A nice surprise

I was sitting in the office at my desk when Sergi came in. He works in the CES office next door to the mission office. He is a soft-spoken man who also serves as bishop in the Rechnoy Branch. Elder and Sister Naegle are the CES missionary couple in the mission and he is their boss.

He came into the office with several beautiful long-stemmed red roses. He handed me one and explained that March 8 is International Women's Day and he wanted to express his love and gratitude for the service Tatiana, Diana, Svetlana and I perform.

Thank you Sergei!!

Tuesday, March 5, 2013

Good-bye Suzie

I learned today of the passing of a friend back home. Susan Rachel Shultis. Sue has been my friend for about 40 years. I met her when Dave and I moved to Springfield MA and we attended church there. We attended the same congregation together over the past 40 years.
Suzie could always be counted on to help, whether it was to substitute in Primary with the little ones, or to share in Relief Society or Sunday School.
And my! How she loved to talk! How she loved to laugh!
Suzie was diagnosed with a rare form of cancer right about the time we came out on our mission a year ago. She has fought a good fight. She did everything she could to live. She had an upbeat attitude. She didn't give up. She didn't whine. She didn't mope or feel sorry for herself.
She used the time that God gave her to the best of her ability. She prepared herself for her return Home. She set priorities to get things done before she left her family to join her Dad and others who were waiting on the other side.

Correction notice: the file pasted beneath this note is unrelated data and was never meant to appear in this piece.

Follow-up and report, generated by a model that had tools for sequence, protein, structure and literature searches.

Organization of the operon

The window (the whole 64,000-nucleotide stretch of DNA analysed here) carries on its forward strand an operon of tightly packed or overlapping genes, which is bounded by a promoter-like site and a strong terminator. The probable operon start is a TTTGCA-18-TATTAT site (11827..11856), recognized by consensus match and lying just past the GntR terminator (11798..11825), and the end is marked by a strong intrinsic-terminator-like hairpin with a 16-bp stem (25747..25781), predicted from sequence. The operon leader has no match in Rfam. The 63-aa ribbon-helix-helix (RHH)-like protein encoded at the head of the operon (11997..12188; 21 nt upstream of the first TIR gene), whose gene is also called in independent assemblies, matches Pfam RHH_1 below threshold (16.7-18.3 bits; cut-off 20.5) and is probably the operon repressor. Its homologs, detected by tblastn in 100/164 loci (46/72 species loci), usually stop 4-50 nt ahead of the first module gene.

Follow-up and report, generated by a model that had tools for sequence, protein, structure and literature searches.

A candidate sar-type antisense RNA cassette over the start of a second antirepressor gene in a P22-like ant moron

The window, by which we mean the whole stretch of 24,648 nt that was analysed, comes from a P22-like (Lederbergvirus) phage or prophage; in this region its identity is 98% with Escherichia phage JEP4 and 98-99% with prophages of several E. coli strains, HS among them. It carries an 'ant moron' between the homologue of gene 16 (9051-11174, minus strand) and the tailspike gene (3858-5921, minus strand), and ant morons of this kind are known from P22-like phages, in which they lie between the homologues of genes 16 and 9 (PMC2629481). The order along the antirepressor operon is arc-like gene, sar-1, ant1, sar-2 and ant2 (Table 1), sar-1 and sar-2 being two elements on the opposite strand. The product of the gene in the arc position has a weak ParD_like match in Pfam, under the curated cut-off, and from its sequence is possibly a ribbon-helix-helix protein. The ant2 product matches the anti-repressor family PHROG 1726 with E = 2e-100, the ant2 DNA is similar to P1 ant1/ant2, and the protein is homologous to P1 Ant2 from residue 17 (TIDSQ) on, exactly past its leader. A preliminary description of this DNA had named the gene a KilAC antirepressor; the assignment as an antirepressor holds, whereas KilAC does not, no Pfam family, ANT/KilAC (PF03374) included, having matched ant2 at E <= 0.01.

Suzie had mellowed over the years. I remember the first time we met 40 years ago. Our first meeting in the church lobby didn't go very well. She was definitely a bit feisty. We have laughed about that over the years that we definitely got off on the wrong foot.
What have I learned from Sue? She was a hard worker. She was a devoted daughter, mother, grandmother and friend. She didn't judge people. She looked on their heart. She had a strong love of the Savior. She was a very nice person and I loved her.
Suzie is an ordinary woman (or so she would say) who gave the world an extraordinary gift. Her blog, is one of the last gifts Suzie left. As I read her posts here on our mission, I was constantly inspired and uplifted by the humor and truth in her blog as she related what she was doing, how she was preparing, and what she hoped to finish before she was called Home.
What is this extraordinary gift she gave? In her blog, she taught us not only how to live with the hand that we are dealt, but also how to die. She bore a strong and powerful testimony of who she is, of her unwavering faith in the Lord Jesus Christ and His Atoning sacrifice for all of Heavenly Father's children. Suzie was not afraid to die. Suzie knew why she was here and where she was going. She knew that there was something beyond the earthly life that she was leaving. I don't think she was anxious to leave her family and friends behind, but she wasn't afraid either and she accepted the Lord's will without murmuring.
Her parents have always been dear to me. I asked her to give her Dad Harold a big hug from me when she saw him next. Her mom Rachel, is a very special lady and has been a wonderful example to me over the years. She is a strong woman with a strong testimony of the gospel of Jesus Christ and she lives what she believes and knows to be true. I love her and my prayers are with her at this sad time. And yet, Rachel knows that Sue is now free from pain. She fought a good fight. She has earned the right to rest. And I am sure that Rachel knows that now her daughter and her husband are watching her over her.
I pray that her blog, her testimony and her life will continue to be a legacy to her family and friends. Her son Frank was with her this morning at 6:30. She called out to her Dad, reached up and was gone. She has gone ahead. OH! I can only imagine the joyful reunion she is having.